High Expense Employer Plan: Pre-Tax or Roth?

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Topic Author
TXAGBH
Posts: 41
Joined: Sun Oct 05, 2014 1:15 pm
Location: DFW

High Expense Employer Plan: Pre-Tax or Roth?

Post by TXAGBH » Sun Sep 09, 2018 5:08 pm

My employer has a terrible 457 plan with the "cheapest" fund being their own in-house total stock market at a hefty 0.97% ER.
There is now the option to make traditional pre-tax or roth designated contributions.
My marginal tax rate is 22%. No state income tax. Assume my marginal tax bracket at retirement will stay the same.

My thinking is that since the ER is high, theoretically, it would be better to make traditional pre-tax contributions due to the ER drag this account will have, and then invest the tax savings in a Roth IRA at Vanguard. Assuming my marginal tax bracket at retirement is 22%, then Uncle Sam would have shouldered some of the 0.97% ER drag (0.2134% if my math is correct :twisted: ) on the account when I take distributions in retirement.

Is this reasoning sound? If not, what am I missing.

gostars
Posts: 439
Joined: Mon Oct 09, 2017 7:53 pm

Re: High Expense Employer Plan: Pre-Tax or Roth?

Post by gostars » Sun Sep 09, 2018 6:18 pm

A 457b is often a secondary plan to a 403b or 401k. Do you have another option you could be using first?

Topic Author
TXAGBH
Posts: 41
Joined: Sun Oct 05, 2014 1:15 pm
Location: DFW

Re: High Expense Employer Plan: Pre-Tax or Roth?

Post by TXAGBH » Sun Sep 09, 2018 6:21 pm

The state pension is primary, and participation is mandatory at a fixed % of salary. The 457 plan is secondary to the pension plan, but there are no other secondary options.

gostars
Posts: 439
Joined: Mon Oct 09, 2017 7:53 pm

Re: High Expense Employer Plan: Pre-Tax or Roth?

Post by gostars » Sun Sep 09, 2018 6:53 pm

Interesting, I thought everyone using Texas TRS and ERS had both available. Do you mind sharing what kind of employer it is?

Would your contribution amounts depend on on which one you selected? For example, if you made pre-tax contributions of $10,000 versus making Roth contributions of $7,800 (i.e. the same % of gross income less 22% tax), then I don't think it matters. You would pay less in fees on on the Roth side due to the lower account balance, but still probably end up at the same place down the road once taxes are accounted for. Someone else has probably done the math on this though.

Topic Author
TXAGBH
Posts: 41
Joined: Sun Oct 05, 2014 1:15 pm
Location: DFW

Re: High Expense Employer Plan: Pre-Tax or Roth?

Post by TXAGBH » Sun Sep 09, 2018 7:37 pm

gostars wrote:
Sun Sep 09, 2018 6:53 pm
Interesting, I thought everyone using Texas TRS and ERS had both available. Do you mind sharing what kind of employer it is?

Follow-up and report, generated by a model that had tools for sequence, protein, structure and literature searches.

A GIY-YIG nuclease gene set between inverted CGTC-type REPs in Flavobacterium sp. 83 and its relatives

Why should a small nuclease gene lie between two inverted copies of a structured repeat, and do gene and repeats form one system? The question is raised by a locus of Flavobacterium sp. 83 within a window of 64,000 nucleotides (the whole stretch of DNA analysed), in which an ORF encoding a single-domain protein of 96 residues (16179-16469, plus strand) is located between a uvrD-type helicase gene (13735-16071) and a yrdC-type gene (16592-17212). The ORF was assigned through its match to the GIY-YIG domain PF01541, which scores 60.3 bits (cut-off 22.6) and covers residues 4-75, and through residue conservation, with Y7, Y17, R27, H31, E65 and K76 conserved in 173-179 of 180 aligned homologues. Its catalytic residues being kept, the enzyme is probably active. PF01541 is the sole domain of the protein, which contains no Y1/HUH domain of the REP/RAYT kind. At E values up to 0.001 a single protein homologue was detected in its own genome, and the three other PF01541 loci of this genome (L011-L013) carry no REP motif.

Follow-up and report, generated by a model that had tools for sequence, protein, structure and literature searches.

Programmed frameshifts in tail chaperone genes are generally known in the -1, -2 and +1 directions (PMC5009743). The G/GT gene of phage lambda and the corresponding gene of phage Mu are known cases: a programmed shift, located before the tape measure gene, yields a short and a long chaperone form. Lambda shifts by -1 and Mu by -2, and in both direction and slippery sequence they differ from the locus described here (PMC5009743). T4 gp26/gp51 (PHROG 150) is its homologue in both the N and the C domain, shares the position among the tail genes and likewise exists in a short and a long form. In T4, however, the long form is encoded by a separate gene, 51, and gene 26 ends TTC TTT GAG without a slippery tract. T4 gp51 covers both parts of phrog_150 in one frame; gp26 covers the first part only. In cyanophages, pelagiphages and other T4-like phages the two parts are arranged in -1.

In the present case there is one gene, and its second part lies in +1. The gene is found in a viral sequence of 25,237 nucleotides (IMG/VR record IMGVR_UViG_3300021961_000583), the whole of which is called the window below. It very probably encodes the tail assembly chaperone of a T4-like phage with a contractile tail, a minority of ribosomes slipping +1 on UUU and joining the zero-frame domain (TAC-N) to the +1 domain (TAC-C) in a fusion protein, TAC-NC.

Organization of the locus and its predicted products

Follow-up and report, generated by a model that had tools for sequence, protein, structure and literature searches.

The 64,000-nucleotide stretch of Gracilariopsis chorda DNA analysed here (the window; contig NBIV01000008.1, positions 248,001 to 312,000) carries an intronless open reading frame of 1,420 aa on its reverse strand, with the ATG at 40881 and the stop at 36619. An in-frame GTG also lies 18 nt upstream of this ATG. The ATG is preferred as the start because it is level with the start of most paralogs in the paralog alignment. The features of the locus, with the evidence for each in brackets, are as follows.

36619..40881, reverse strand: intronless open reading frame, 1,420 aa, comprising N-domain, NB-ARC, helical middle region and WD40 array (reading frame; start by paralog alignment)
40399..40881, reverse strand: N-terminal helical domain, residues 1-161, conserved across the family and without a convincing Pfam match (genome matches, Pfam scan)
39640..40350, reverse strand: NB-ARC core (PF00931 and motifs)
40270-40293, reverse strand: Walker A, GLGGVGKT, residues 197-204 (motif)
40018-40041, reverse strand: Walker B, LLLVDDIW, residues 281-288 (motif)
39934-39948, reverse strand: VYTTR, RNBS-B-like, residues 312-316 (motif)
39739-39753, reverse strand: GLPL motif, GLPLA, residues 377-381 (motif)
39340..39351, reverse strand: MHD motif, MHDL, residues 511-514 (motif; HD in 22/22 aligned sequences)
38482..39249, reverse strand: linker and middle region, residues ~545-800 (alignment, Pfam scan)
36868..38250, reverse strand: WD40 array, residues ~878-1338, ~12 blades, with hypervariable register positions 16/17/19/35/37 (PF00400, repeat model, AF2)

Would your contribution amounts depend on on which one you selected? For example, if you made pre-tax contributions of $10,000 versus making Roth contributions of $7,800 (i.e. the same % of gross income less 22% tax), then I don't think it matters. You would pay less in fees on on the Roth side due to the lower account balance, but still probably end up at the same place down the road once taxes are accounted for. Someone else has probably done the math on this though.
It is a local government. No, the contribution amount would be maxed ($18,500) regardless of which option is selected.

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FiveK
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Re: High Expense Employer Plan: Pre-Tax or Roth?

Post by FiveK » Sun Sep 09, 2018 11:05 pm

TXAGBH wrote:
Sun Sep 09, 2018 5:08 pm
My employer has a terrible 457 plan with the "cheapest" fund being their own in-house total stock market at a hefty 0.97% ER.
There is now the option to make traditional pre-tax or roth designated contributions.
My marginal tax rate is 22%. No state income tax. Assume my marginal tax bracket at retirement will stay the same.

My thinking is that since the ER is high, theoretically, it would be better to make traditional pre-tax contributions due to the ER drag this account will have, and then invest the tax savings in a Roth IRA at Vanguard. Assuming my marginal tax bracket at retirement is 22%, then Uncle Sam would have shouldered some of the 0.97% ER drag (0.2134% if my math is correct :twisted: ) on the account when I take distributions in retirement.

Is this reasoning sound? If not, what am I missing.
The ER affects growth, whether in traditional or Roth. To a first approximation, the commutative property of multiplication says it thus makes no difference to your choice.

ER aside, if your marginal tax bracket at retirement will be 22% even if you never make another traditional contribution, then Roth will be better due to the effect described in Maxing out your retirement accounts. But do confirm that expected 22% number with some back-of-the-envelope estimates first.

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